The For the Strength of Youth booklet makes a good point about agency:
While you are free to choose your course of action, you are not free to choose the consequences. Whether for good or bad, consequences follow as a natural result of the choices you make.
There have been a couple of notable instances recently of Church leaders appearing to not believe in this connection between their own choices and consequences of those choices.
The first example I’m thinking of is when Church leaders have told us not to pray to Heavenly Mother. As quoted in the recently released gospel topics essay on Heavenly Mother, President Hinckley hastened to add that
The fact that we do not pray to our Mother in Heaven in no way belittles or denigrates her.
I think he’s entirely wrong here. Church leaders can choose the action–forbidding prayer to Heavenly Mother–but they can’t choose the outcome of that action–whether or not doing so belittles or denigrates her. We can have a Heavenly Mother who we refuse to pray to and who is therefore relegated to the status of an eternally submissive wife and a at best a minor player in celestial affairs. We can have a Heavenly Mother who we do pray to and who is therefore acknowledged as a full and equal partner of our Heavenly Father. What we can’t have is the action of refusing to pray and the consequence of not denigrating her. Not praying to her denigrates her.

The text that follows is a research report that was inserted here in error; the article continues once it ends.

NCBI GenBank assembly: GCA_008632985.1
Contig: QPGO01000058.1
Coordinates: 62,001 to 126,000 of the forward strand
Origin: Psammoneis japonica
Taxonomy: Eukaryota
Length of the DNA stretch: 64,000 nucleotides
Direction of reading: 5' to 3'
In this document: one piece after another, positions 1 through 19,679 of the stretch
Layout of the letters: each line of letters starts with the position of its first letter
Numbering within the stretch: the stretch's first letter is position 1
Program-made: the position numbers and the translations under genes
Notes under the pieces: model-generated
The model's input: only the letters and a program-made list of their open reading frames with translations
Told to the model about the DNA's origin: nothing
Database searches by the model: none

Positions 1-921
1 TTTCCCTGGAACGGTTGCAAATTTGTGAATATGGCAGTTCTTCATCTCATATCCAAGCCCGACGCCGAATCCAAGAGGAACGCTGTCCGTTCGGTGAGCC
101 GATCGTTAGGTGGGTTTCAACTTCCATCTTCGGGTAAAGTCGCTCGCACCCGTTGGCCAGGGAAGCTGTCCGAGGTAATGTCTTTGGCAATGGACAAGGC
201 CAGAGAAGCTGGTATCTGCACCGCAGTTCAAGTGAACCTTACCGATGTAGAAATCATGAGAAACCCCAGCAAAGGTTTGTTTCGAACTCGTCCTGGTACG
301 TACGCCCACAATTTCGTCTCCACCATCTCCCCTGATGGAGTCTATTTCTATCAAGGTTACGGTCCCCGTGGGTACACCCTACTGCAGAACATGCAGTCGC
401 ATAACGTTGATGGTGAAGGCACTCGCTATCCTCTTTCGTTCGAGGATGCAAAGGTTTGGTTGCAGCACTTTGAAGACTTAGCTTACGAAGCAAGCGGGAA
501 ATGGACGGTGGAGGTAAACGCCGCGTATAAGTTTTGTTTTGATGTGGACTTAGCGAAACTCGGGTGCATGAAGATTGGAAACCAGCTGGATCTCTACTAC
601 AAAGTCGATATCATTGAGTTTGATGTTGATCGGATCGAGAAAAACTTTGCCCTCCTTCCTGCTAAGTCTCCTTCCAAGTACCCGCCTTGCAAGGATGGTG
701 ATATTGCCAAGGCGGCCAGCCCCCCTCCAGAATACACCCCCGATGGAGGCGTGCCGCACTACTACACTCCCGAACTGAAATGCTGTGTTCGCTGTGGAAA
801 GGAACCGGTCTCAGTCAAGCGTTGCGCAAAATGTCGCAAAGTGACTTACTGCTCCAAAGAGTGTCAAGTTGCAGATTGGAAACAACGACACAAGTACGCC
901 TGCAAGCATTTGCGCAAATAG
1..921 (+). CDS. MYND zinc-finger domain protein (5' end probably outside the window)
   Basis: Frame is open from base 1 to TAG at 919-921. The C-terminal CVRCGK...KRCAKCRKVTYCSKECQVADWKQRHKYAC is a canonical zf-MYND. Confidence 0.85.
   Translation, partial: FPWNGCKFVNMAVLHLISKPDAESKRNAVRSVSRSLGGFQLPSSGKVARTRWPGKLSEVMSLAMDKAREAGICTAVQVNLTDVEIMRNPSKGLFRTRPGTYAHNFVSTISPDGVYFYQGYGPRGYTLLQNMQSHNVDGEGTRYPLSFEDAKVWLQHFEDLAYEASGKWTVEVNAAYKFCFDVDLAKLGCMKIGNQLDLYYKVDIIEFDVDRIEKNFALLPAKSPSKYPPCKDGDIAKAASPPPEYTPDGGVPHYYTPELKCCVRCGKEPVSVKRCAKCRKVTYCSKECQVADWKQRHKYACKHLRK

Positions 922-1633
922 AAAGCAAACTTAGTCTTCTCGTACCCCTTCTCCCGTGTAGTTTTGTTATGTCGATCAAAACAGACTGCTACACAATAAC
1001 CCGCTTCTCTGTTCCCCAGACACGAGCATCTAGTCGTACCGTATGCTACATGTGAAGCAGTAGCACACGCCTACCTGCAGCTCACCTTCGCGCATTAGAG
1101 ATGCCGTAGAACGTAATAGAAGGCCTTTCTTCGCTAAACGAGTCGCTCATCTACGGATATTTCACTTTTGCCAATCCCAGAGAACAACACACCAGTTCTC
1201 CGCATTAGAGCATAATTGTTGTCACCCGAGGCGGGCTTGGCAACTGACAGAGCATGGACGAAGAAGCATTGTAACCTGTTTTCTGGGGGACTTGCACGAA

The other example I’m thinking of is the recent change made to the Handbook to define gay marriage as apostasy. Church leaders appear to believe that this action is consistent with statements like the following (from the gospel topics essay titled “Same-Sex Attraction”):
The Church’s affirmation of marriage as being between a man and a woman “neither constitutes nor condones any kind of hostility toward gays and lesbians.”[source] On the contrary, many Church leaders have spoken clearly about the love and respect with which all people are to be treated.
Like with President Hinckley’s assertion about Heavenly Mother, I think this is false. The Church can gerrymander the Handbook to apply the harshest label it has available to people in gay marriages and therefore communicate hostility toward gay people. The Church can leave people in gay marriages alone and therefore not communicate hostility toward gay people. What the Church can’t do is gerrymander the Handbook to punish people in gay marriages and still not communicate hostility toward gay people. Gerrymandering the Handbook communicates hostility.
In both of these cases, I’m happy with the outcome that Church leaders are wishing they could get (not denigrating Heavenly Mother, not communicating hostility toward gay people), but I think I might actually prefer that they just own up to what they’re doing and admit that they’re okay with putting Heavenly Mother down and communicating animosity toward gay people. It’s frustrating to have them make these choices and then when people like me complain about the obvious consequences, to have other Church members defend their choices because Church leaders have asserted that the consequences don’t actually exist.